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UK Gov. Accidentally Releases New Year Honours Addresses Spreadsheet

Dec 31, 2019 4:03:00 PM

The risk of spreadsheet-based data breaches – and 3 ways to reduce it.

This week saw another example of an organisation storing sensitive, personal data in an Excel spreadsheet and then sharing it by mistake. This time it was the UK government accidentally publishing the addresses of more than 1,000 New Year Honour recipients in a spreadsheet online. Inexcusable these days given the current focus on data protection – but in reality, it’s easily done. So how can you ensure that you don’t make the same mistake?

Below are my three recommendations for mitigating this spreadsheet-based risk.

1. Don’t save sensitive personal data in spreadsheets

It may seem a pretty obvious thing to say but if you don’t save sensitive personal data in a spreadsheet in the first place then problem solved!

Sensitive data should be recorded and managed in a secure database. If you need to download the data think about which fields you really need and whether you can anonymise the data.

2. Put in place strong policies and procedures around spreadsheet use and distribution

You should give your team clear guidelines for how data is used, stored and distributed in spreadsheets. Putting in place strong spreadsheet policies and procedures that are communicated and understood by all data users helps everyone know what they should and shouldn’t do.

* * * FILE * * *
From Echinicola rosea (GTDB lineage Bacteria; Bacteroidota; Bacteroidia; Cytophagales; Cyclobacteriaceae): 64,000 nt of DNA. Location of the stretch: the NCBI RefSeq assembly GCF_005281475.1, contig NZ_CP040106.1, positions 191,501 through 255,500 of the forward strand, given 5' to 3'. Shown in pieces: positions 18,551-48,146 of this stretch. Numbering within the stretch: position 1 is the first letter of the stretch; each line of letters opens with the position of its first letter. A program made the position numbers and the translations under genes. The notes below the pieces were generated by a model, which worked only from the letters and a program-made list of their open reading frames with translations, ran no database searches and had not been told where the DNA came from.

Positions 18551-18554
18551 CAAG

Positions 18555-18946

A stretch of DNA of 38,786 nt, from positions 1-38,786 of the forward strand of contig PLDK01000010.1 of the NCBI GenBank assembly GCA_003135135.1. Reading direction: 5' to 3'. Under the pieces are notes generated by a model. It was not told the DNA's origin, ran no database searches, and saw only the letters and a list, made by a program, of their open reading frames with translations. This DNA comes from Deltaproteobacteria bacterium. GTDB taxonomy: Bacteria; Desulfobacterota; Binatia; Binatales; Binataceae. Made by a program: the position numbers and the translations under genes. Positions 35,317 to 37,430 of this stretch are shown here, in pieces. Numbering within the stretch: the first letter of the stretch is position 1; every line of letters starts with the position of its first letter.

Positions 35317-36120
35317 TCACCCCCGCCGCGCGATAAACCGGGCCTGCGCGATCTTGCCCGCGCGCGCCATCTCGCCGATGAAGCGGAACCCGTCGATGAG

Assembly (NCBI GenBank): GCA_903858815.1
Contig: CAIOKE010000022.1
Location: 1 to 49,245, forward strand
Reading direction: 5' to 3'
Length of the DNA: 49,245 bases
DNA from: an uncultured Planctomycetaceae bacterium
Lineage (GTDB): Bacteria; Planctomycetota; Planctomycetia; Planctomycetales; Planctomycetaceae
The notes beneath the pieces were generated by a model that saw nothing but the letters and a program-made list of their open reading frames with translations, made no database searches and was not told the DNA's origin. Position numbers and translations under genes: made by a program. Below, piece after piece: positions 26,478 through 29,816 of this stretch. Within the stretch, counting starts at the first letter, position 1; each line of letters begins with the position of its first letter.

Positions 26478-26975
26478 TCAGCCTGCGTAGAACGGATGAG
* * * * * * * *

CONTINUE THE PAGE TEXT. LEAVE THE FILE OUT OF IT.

These spreadsheet policies and procedures should be backed up by system controls that control what users can do. As an example most companies who regularly manage very sensitive data (such as banks) have system controls that block the external emailing of any spreadsheets, restrict access to websites that would allow a user to upload a spreadsheet and block external storage devices such as USB sticks.

3. Use Excel’s encryption functionality

My final recommendation for mitigating the risk of storing sensitive data in spreadsheets is using Microsoft Excel’s built in encryption. This involves protecting the spreadsheet with a password so that only people who know the password can open it. This means that if the spreadsheet is shared by mistake no-one will be able to open it.

One quick caveat – Whilst Microsoft have improved their spreadsheet encryption it can still be broken if someone really wants to.

To summarise...

The financial and reputational impact on your business of mistakenly sharing a spreadsheet containing sensitive data can be high. By employing the above three recommendations within your own business you will be able to avoid falling foul of this unfortunately all-too-common pitfall.

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